Government working on accommodation in Leicester for people with nowhere to self-isolate

Shadow health secretary Jon Ashworth, who represents Leicester South, called on the government to provide increased “clarity” and support, in the form of extra testing and other resources to tackle the outbreak.

The government is looking into providing accommodation for people in Leicester who have nowhere to self-isolate, health secretary Matt Hancock has said, after it was confirmed that the city will be placed back into lockdown following a spike in coronavirus cases.

Mr Hancock told the House of Commons that non-essential shops in Leicester will shut from Tuesday and schools will close to most pupils from Thursday as part of restrictions imposed to combat the local rise in infections.

He has advised people from Leicester to stay at home as much as they can while the local lockdown measures continue, adding that ”the relaxation of shielding measures due on July 6 cannot now take place”.

Leicester has an infection rate of 135 per 100,000 people, which is three times higher than the next highest local area, according to Mr Hancock.

Mr Ashworth flagged concern over the “disproportionate” impact of the virus on the city’s Black and Asian communities. As a “proudly diverse city”, he said that Leicester was “particularly at risk”.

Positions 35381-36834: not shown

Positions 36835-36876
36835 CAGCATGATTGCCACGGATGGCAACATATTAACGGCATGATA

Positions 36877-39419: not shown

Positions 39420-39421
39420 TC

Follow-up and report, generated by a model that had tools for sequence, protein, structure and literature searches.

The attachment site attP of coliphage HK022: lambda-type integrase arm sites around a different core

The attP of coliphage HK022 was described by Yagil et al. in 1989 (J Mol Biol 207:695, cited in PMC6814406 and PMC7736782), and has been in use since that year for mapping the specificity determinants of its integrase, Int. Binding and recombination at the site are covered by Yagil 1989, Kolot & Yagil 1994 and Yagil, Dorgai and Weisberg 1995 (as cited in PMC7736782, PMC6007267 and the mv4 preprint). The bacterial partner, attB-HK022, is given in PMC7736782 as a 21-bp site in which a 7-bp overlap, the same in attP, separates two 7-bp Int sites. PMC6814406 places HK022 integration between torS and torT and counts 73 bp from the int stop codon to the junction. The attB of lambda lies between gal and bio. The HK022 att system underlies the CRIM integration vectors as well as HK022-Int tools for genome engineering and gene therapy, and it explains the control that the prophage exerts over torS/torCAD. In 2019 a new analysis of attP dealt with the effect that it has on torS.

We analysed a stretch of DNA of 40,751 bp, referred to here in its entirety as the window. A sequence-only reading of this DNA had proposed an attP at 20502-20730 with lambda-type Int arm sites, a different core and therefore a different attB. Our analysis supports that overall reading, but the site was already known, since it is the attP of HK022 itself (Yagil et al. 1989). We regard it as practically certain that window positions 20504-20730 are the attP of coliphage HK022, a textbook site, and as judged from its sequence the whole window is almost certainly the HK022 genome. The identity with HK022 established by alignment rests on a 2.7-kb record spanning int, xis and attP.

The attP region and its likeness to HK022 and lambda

He also highlighted the issue that members of Leicester’s multigenerational households would be facing in attempting to self-isolate.

In response, Mr Hancock said the government was working with the city council “to put in place” accommodation on a “discretionary and exceptional basis” for those who are required by public health guidance to self isolate.

He did not provide any further detail on how this initiative would be implemented.

Mr Hancock said that the government is “still getting to the bottom of” the potential reasons why the outbreak in Leicester has occurred.

Conservative former minister Nusrat Ghani asked in the Commons: “Can (Mr Hancock) share what factors lie behind the infection rate being so high in Leicester, (and) whether those factors will be shared with local resilience forums?”

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Mr Hancock responded: “Of course there are many reasons and potential reasons why this outbreak has occurred in the way it has in Leicester, we’re still getting to the bottom of those.

“But I absolutely undertake to then ensure that other directors of public health in local areas understand those reasons so we can get to the bottom of them.

“For instance, we’re doing work specifically on food processing factories which round the world seem to have a higher rate including, not only in America, in Germany, also in North Wales, and of course there is a challenge in the community to ensure that we understand properly the origins and the spread of this outbreak in Leicester.”

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